[TUT] Prevent Direct IP IIS Flood using CloudFlare

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  1. #1
    xHosts G0D NOC is offline
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    [TUT] Prevent Direct IP IIS Flood using CloudFlare

    [TUT] Prevent Direct IP IIS Flood using CloudFlare
    Hey everyone

    I have had many customers contacting me because of others in the community or ex technical staff on their hotels flooding the IIS directly as they had knowledge of the servers IP address. This may help people that are using providers who will not provide support on such issues or may charge a fee to change an IP address.

    This will work on any version of IIS

    Firstly you need to download IP Address and Domain Restrictions this can be done via the Microsoft website or using web platform installer, in this tutorial I will use web platform installer

    Depending on your server providers DDOS protection by using this method you may not need a TCP proxy




    You need to choose this option



    Once this has installed, return to IIS main page and select the IP address and Domain Restrictions icon




    Once you have opened this tab, right click and choose Add Allow Entry



    Now you can begin to add IP addresses to the allowed list, as this tutorial is showing you how to allow CloudFlare IP addresses only I will show you how to add these ranges, thew same method applies to both IPv4 and IPv6

    You can find the latest IP ranges list here on the CloudFlare website

    https://www.cloudflare.com/ips/

    You add the IP address and the number after the slash into the Mask or Prefix box, you do this for each range from the CloudFlare website



    Next you need to Configure IIS to enforce the allowed list




    You need to select the Edit Feature Settings option on the right side of the IP and Domain Restrictions window you have open




    You need to now set the Access for unspecified clients to Deny



    You need to set the Deny action type to Abort or the connections will still be allowed to make an attempted connection making this useless

    If you need to still access your server locally add 127.0.0.1 to the allowed list and visit http://127.0.0.1 instead of http://localhost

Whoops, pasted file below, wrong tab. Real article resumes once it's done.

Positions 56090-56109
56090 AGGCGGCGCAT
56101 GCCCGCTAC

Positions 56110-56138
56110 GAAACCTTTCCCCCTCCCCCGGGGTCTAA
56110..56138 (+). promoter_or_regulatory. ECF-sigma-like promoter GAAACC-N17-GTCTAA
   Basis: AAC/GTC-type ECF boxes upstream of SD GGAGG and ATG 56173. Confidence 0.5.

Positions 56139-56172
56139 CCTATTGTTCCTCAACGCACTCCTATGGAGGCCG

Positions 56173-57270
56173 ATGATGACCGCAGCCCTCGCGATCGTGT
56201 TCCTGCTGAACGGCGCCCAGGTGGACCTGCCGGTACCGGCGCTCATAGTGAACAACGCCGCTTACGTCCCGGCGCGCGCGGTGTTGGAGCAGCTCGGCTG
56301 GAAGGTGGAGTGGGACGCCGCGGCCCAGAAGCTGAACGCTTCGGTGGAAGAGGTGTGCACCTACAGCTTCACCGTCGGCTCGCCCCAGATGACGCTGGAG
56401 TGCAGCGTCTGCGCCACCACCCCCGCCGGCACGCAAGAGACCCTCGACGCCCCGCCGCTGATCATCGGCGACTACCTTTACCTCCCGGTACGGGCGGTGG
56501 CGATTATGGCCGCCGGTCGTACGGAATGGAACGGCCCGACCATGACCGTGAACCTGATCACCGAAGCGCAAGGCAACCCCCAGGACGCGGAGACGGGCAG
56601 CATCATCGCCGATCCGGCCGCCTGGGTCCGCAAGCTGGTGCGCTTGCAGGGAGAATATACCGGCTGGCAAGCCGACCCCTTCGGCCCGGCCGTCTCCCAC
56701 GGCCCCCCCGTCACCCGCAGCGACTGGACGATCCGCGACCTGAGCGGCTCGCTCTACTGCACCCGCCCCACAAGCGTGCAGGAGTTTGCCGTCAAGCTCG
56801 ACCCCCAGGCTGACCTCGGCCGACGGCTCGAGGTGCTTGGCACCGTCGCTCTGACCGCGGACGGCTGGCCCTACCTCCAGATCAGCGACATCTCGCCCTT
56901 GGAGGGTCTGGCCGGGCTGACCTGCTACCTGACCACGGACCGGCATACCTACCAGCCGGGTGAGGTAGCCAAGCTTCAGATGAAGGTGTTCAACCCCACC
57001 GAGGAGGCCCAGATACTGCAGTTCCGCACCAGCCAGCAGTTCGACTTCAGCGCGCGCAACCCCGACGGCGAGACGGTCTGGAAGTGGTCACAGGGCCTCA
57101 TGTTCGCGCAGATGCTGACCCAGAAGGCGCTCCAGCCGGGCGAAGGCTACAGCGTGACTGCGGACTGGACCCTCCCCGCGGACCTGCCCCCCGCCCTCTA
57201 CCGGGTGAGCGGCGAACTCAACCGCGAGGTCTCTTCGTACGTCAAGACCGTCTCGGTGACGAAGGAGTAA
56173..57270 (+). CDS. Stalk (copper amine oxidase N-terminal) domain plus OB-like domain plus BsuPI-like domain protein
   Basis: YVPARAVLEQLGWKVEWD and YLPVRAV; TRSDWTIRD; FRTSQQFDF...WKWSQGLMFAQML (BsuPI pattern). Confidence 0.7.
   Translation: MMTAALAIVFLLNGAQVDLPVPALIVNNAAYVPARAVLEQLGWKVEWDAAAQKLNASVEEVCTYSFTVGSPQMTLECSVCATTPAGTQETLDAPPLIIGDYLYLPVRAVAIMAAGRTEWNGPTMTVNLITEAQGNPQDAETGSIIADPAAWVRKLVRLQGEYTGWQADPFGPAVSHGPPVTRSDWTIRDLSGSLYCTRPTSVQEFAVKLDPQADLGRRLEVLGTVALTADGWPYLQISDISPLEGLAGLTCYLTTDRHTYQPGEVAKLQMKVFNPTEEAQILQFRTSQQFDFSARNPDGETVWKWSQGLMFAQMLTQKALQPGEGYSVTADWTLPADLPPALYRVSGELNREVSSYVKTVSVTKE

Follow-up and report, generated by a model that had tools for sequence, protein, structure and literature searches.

This will not stop all DDOS attacks but can help prevent direct IIS flooding and possibly remove the need for a TCP proxy too.


  2. #2
    Member sunnie is offline
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    Mar 2011 Join Date
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    Re: [TUT] Prevent Direct IP IIS Flood using CloudFlare

    Thanks man! I had a support on devbest, i used this tutorial!
    Really thanks for this tut!

  3. #3
    Yeah nah, nah yeah Liam is offline
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    Re: [TUT] Prevent Direct IP IIS Flood using CloudFlare

    For anyone who would be running off alternative options such as Nginx, Apache, or other webservers - you can also find a "Whitelist" type plugin/firewall and use the same concept. It's generally easier to whitelist rather than blacklist in these instances, as it will help to prevent unauthorized access and doing so can throw-off people as it would appear they have the wrong IP address.

    Good tutorial @NOC - the implementation of small things such as this whitelist is one of many crucial components to successfully setting up a secure virtual server. I think people, especially new people to virtual hosting, have no idea that there's more to it than just purchasing a VPS and away you go.
    ): /sadface
    "i want 2 dollar"


  4. #4
    xHosts G0D NOC is offline
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    Re: [TUT] Prevent Direct IP IIS Flood using CloudFlare

    Quote Originally Posted by Liam View Post
    For anyone who would be running off alternative options such as Nginx, Apache, or other webservers - you can also find a "Whitelist" type plugin/firewall and use the same concept. It's generally easier to whitelist rather than blacklist in these instances, as it will help to prevent unauthorized access and doing so can throw-off people as it would appear they have the wrong IP address.

    Good tutorial @NOC - the implementation of small things such as this whitelist is one of many crucial components to successfully setting up a secure virtual server. I think people, especially new people to virtual hosting, have no idea that there's more to it than just purchasing a VPS and away you go.
    I am always ready to give advice from my own experiences, I remember buying my first server in very early teens which is 17 + years ago now and thought it was simple thing, buy VPS, setup web server, sql and away I go but learnt a lot over the years and found security is even more important these days with the amount of people ready to attack a website for no real reason other than to get their rocks off over copy and pasting a IP address and clicking the big red button.



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